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Source Production & Equipment Co., Inc. v. Schehr

United States District Court, E.D. Louisiana

December 28, 2017


         SECTION “R” (1)



         Plaintiff Source Production & Equipment Co., Inc. and counterclaim-defendants Richard Dicharry and Sandra Kusy each move to dismiss defendant Kevin Schehr's counterclaims.[1] For the following reasons, the Court grants in part and denies in part the motions.

         I. BACKGROUND

         Source Production & Equipment Co., Inc. (SPEC) and its affiliates brought this trade-secret misappropriation and unfair competition action against Kevin Schehr, Isoflex USA, Isoflex Radioactive LLC, and Richard McKannay, Jr.[2] SPEC is a supplier of industrial and medical radiography equipment and radioactive isotope materials.[3] Richard Dicharry is SPEC's president and owner.[4] Schehr was an executive officer of SPEC until July 7, 2016, when he was replaced by Sandra Kusy.[5] Three days later, on July 10, Schehr was terminated.[6]

         Schehr's relationship with Dicharry and SPEC deteriorated during the months leading up to Schehr's termination. For example, according to Schehr, Dicharry had promised to give him a 10% ownership interest in SPEC if Schehr facilitated the completion of the design of a new radiography system (Radiography Contract).[7] Schehr alleges that the design was completed, but that two weeks before Schehr's termination Dicharry unreasonably refused to sign off on the new design.[8] SPEC and Dicharry also allegedly agreed to form a new company with Schehr and Dennis Chedraui (NEWCO Agreement).[9] Although the parties to the agreement allegedly signed a letter of intent, and Dicharry and SPEC verbally obligated themselves to the terms of the NEWCO Agreement, Schehr asserts that Dicharry and SPEC failed to fulfill their obligations under the agreement.[10]According to Schehr, Kusy caused Dicharry and SPEC to breach these contracts by providing Dicharry with false information about a conference Schehr attended and a conspiracy between Schehr and Chedraui.[11]

         Schehr alleges that upon his termination, SPEC seized a thumb drive and pictures belonging to him.[12] SPEC allegedly obtained the password for Schehr's personal email account from this thumb drive and accessed the account on November 10, 2016.[13] Schehr further alleges that Dicharry and Kusy both made defamatory statements about Schehr after his termination.[14]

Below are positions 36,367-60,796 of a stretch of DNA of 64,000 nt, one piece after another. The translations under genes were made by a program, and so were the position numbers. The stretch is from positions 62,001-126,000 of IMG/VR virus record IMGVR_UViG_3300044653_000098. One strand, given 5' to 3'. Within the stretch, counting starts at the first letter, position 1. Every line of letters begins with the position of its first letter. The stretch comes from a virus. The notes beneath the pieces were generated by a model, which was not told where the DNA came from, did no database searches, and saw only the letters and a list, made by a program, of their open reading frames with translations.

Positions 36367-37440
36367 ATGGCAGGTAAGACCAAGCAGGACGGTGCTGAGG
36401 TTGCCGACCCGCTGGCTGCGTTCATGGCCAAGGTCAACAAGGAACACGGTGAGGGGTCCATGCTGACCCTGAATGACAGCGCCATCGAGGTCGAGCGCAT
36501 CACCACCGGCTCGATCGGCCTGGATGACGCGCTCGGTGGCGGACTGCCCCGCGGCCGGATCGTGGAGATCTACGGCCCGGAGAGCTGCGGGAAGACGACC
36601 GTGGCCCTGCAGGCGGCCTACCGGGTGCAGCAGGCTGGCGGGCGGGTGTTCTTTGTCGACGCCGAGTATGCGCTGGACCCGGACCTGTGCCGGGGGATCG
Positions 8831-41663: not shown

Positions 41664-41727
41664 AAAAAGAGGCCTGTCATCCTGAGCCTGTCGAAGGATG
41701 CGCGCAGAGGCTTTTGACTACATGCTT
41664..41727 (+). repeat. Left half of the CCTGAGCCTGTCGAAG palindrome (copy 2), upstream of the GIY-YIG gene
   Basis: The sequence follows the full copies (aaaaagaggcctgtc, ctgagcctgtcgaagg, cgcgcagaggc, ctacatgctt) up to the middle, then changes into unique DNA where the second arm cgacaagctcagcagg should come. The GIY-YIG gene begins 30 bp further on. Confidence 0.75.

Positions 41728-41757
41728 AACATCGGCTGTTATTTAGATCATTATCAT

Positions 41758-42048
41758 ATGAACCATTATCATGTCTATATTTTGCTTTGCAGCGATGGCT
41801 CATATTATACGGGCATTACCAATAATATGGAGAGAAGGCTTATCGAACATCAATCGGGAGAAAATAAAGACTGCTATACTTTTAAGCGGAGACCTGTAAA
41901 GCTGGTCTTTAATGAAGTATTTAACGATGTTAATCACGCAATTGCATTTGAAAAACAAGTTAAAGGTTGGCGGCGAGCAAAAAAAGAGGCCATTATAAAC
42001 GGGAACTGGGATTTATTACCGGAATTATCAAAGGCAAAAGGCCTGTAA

Plaintiffs filed suit on December 12, 2016, [15] and filed an amended complaint on April 4, 2017.[16] The Court granted in part and denied in part defendants' motion to dismiss on August 29.[17] On September 12, Schehr answered the amended complaint and filed counterclaims against SPEC.[18] Schehr then amended his counterclaims to add Dicharry, Kusy, and unknown insurers of SPEC as counterclaim-defendants.[19] Schehr asserts counterclaims for defamation, invasion of privacy, and revendicatory relief against all counterclaim-defendants; breach of contract or detrimental reliance against SPEC, Dicharry, and the insurers; unpaid wages against SPEC and the insurers; and intentional interference with a contract against Kusy. SPEC, Dicharry, and Kusy now move to dismiss certain counterclaims.[20]


         The Court applies the same test to a motion to dismiss a counterclaim as it does to a motion to dismiss a complaint. To survive a Rule 12(b)(6) motion to dismiss, a plaintiff must plead enough facts to “state a claim to relief that is plausible on its face.” Ashcroft v. Iqbal, 556 U.S. 662, 678 (2009) (quoting Bell Atlantic Corp. v. Twombly, 550 U.S. 544, 547 (2007)). A claim is facially plausible “when the plaintiff pleads factual content that allows the court to draw the reasonable inference that the defendant is liable for the misconduct alleged.” Id. at 678. A court must accept all well-pleaded facts as true and must draw all reasonable inferences in favor of the plaintiff. Lormand v. U.S. Unwired, Inc., 565 F.3d 228, 239, 244 (5th Cir. 2009). But the Court is not bound to accept as true legal conclusions couched as factual allegations. Iqbal, 556 U.S. at 678.

         A legally sufficient complaint must establish more than a “sheer possibility” that the plaintiff's claim is true. Id. It need not contain detailed factual allegations, but it must go beyond labels, legal conclusions, or formulaic recitations of the elements of a cause of action. Twombly, 550 U.S. at 555. In other words, the face of the complaint must contain enough factual matter to raise a reasonable expectation that discovery will reveal evidence of each element of the plaintiff's claim. Lormand, 565 F.3d at 257. If there are insufficient factual allegations to raise a right to relief above the speculative level, Twombly, 550 U.S. at 555, or if it is apparent from the face of the complaint that there is an insuperable bar to relief, Jones v. Bock, 549 U.S. 199, 215 (2007); Carbe v. Lappin, 492 F.3d 325, 328 n.9 (5th Cir. 2007), the claim must be dismissed.


         SPEC, Dicharry, and Kusy move to dismiss Schehr's counterclaims for defamation and invasion of privacy. Dicharry and Kusy move to dismiss the counterclaim for revendicatory relief. SPEC and Dicharry move to dismiss the counterclaim for breach of contract or detrimental reliance. Finally, Kusy moves to dismiss the counterclaim for intentional interference with a contract. The Court addresses each counterclaim in turn.

         A. Defamation

         Under Louisiana law, “[i]n order to prevail in a defamation action, a plaintiff must necessarily prove four elements: (1) a false and defamatory statement concerning another; (2) an unprivileged publication to a third party; (3) fault (negligence or greater) on the part of the publisher; and (4) resulting injury.” Fitzgerald v. Tucker, 737 So.2d 706, 715 (La. 1999). “In other words, a plaintiff must prove ‘that the defendant, with actual malice or other fault, published a false statement with defamatory words which caused plaintiff damages.'” Id. (quoting Trentecosta v. Beck, 703 So.2d 552, 559 (La. 1997)).

         Schehr's defamation claim alleges three sets of defamatory statements. First, Kusy and Dicharry, acting in their capacity as SPEC employees, allegedly defamed Schehr to other SPEC employees.[21] Second, Kusy and Dicharry, again acting in their capacity as SPEC employees, allegedly made defamatory statements about Schehr to Keith Frazier, a former SPEC employee.[22] Third, Dicharry authorized SPEC to file letters with regulatory agencies concerning violations of environmental regulations; according to Schehr, these letters falsely asserted that Schehr was responsible for these violations.[23]